Broadband Cable Association of Pennsylvania


September 19, 2013

Area businesses are gearing up for a big change that will begin Saturday: 10-digit dialing instead of seven. For Phil Rudy, owner of Circles on the Square in Wilkes-Barre, the change means 200 numbers need to be reprogrammed in his fax machine. He faxes menus from his deli on Public Square to 200 area businesses. Circles employee Bill Scholl has been reprogramming all the numbers.

Beginning Saturday, everyone in Northeastern Pennsylvania will have to dial 10 digits to make a local call. "I hate it," Rudy said. "I don't understand why we had to go that way. Why do we have to dial 10 numbers for local numbers? I don't know why you have to dial 10 numbers for your neighbor next door." Ten-digit dialing is being implemented as a result of what telephone company officials call an "overlay." Since the area is running out of telephone numbers, a new area code, 272, will be implemented in the current 570 area code region for local customers who receive a new phone as of Oct. 21.

Numbers which already have a 570 area code will not be changed to 272. The 272 area code will be assigned only to new numbers in the region. Since the new 272 area code will overlay the 570 area code region, people must dial 10 digits as of Sept. 21. For Futuristic Innovative Graphics in Wilkes-Barre, the change means thousands of customers' numbers need to be edited, which could take weeks or months and isn't an easy fix, said marketing coordinator Melissa Kibler. The business has 20 years of customer records logged into its software that never had 570 inputted. "That all needs to be edited one customer at a time," Kibler said.

Futuristic Innovative Graphics, a screen printing and embroidery business, has made an effort to include 570 on its own promotional items, Kibler said. When they first came to be 20 years ago, there was a 717 area code and they had to reprint then. "Thankfully, the 570 zip code isn't changing so we won't have much internally to change. However, I think many businesses may find the need to reprint an added 570 or the new 272 to their promotional items," Kibler said. "For our customers, we will be paying extra close attention to their orders and make edits where needed. We understand the urgency to businesses that need this information changed and reprinted and we will provide quick turnaround service."

Geisinger Health System officials have been sending out reminders to its employees about the change since April and some re-programming was done throughout the organization, said spokesman Matt Van Stone. Patients calling the hospital will need to dial 10 digits and they can still call CareLink toll-free at 1-800-275-6401.

People can still dial just three digits to reach 911. Fred Rosencrans, data manager for Luzerne County 911, said it won't affect anyone calling in but the 911 center re-programmed its telephone system for 10-digit dialing and has a system to identify 10-digit numbers. Telephone companies such as Frontier Communications and Verizon Wireless have been informing customers in Northeastern Pennsylvania about the new way of dialing. If people do not use the new dialing procedure, a recording will inform them that their call will not be completed and they should hang up and try again. Wilkes-Barre Citizen's Voice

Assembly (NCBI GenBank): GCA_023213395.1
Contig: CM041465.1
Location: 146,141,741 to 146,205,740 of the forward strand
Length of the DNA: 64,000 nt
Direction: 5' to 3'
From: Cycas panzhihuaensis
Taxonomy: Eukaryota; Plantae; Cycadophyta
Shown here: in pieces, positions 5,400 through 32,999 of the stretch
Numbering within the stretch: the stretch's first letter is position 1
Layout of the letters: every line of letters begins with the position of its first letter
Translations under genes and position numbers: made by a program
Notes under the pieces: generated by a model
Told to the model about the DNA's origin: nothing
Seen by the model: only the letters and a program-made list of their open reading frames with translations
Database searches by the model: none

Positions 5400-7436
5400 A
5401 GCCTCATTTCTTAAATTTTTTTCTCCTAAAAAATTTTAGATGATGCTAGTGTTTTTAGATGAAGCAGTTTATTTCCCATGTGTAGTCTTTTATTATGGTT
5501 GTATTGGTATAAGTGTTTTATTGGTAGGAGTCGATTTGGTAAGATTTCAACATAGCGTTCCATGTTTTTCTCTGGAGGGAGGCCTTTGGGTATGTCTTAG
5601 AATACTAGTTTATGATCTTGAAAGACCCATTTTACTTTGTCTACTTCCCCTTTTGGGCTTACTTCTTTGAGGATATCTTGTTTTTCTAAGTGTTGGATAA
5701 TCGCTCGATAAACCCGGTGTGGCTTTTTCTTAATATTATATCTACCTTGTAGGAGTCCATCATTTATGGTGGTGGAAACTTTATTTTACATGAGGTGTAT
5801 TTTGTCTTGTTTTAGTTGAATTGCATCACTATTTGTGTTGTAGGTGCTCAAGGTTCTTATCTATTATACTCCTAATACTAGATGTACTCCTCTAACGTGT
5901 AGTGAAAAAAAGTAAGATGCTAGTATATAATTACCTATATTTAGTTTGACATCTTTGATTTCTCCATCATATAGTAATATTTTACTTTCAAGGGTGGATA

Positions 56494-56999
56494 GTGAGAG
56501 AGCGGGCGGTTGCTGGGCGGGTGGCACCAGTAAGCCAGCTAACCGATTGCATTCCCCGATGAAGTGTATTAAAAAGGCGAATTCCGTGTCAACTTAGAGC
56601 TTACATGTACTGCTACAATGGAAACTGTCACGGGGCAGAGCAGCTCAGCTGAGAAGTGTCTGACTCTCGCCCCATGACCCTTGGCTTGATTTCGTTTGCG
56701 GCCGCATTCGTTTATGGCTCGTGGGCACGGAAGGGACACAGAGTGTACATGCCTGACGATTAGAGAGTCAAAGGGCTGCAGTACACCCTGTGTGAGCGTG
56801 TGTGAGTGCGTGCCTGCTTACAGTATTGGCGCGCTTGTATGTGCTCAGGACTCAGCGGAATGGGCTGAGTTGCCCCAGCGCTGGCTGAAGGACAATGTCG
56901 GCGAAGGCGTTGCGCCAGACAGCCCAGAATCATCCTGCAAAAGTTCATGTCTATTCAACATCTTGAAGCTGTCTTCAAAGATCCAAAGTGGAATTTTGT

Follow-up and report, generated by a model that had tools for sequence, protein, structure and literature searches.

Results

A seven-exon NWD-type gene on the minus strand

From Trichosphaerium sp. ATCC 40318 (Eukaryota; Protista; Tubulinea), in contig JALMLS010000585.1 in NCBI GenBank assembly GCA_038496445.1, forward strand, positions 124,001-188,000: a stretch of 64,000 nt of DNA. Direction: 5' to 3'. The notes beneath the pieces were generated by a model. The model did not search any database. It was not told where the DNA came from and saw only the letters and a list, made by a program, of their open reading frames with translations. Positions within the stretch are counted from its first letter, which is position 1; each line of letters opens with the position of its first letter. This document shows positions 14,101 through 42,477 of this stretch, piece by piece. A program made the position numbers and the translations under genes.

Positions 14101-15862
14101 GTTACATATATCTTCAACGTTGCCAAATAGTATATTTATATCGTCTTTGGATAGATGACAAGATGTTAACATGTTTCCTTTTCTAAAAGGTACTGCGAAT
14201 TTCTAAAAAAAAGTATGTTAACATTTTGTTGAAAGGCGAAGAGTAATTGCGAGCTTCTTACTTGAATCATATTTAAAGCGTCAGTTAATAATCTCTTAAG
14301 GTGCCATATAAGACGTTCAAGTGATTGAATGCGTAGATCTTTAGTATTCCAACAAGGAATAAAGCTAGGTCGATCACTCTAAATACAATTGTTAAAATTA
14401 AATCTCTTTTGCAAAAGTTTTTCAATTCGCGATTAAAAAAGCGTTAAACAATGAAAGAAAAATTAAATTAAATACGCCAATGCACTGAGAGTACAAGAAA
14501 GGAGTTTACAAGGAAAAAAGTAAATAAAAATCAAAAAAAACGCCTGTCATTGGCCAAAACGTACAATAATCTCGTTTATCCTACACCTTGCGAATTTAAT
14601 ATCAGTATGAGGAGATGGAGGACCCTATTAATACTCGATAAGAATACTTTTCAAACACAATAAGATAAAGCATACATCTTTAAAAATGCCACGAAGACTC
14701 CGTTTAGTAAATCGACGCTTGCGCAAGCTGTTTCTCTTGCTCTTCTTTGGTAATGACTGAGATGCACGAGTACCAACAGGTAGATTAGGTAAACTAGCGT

A Manhattan federal judge on Wednesday denied a request by Walt Disney Co's ABC unit to stop Dish Network Corp from selling devices that let viewers skip commercials when watching primetime broadcast shows.

ABC had claimed that allowing Dish's Hopper system to remain on the market while a lawsuit between the two goes forward would cause ABC irreparable harm by threatening its ability to generate advertising revenue and disrupting its exclusive rights to control its programming. U.S. District Judge Laura Swain said she would make public her reasoning for denying ABC's request after the parties have a chance to address whether certain portions of the decision should remain sealed. In July, the 9th U.S. Circuit Court of Appeals also refused to shut down sales of the Hopper in a similar case brought against Dish by Twenty-First Century Fox Inc.

Introduced last year, Dish's DVR-like device contains the feature "AutoHop," which allows subscribers to skip commercials entirely when they watch recorded shows, drawing the ire of the major broadcast television owners. In the New York lawsuit, ABC is alleging that Dish's system violates both copyrights to its programming and an agreement between the companies that allows the satellite provider to distribute ABC programming. Swain's order Wednesday also denied a motion by Dish to dismiss certain claims brought against it in the same lawsuit by CBS Corporation.

CBS is claiming that Dish should have provided details about the Hopper's features during contract negotiations between the two companies in December 2011. Dish had argued that it had no duty to give CBS a "sneak preview" of its new system. An ABC spokeswoman called the decision merely "the first step in the judicial process," and said Dish's AutoHop and PrimeTime Anytime services breach its contractual agreements, unfairly compete with ABC, and infringe ABC's copyrights. A spokeswoman for CBS said the company is pleased with the decision, saying it "allows us to show in trial what Dish knew and what Dish said it knew are two absolutely different things and give reason to unwind a deceptive contract."

R. Stanton Dodge, Dish's general counsel, in a statement called the decision "yet another victory for American consumers." Analysts have said Dish was using its Hopper DVR as a way to fight back against retransmission fees, which are payments cable and satellite companies pay to broadcast stations to carry their networks. The case is Dish Network v. American Broadcast Companies Inc, et al, U.S. District Court for the Southern District of New York, No. 12-4155. Reuters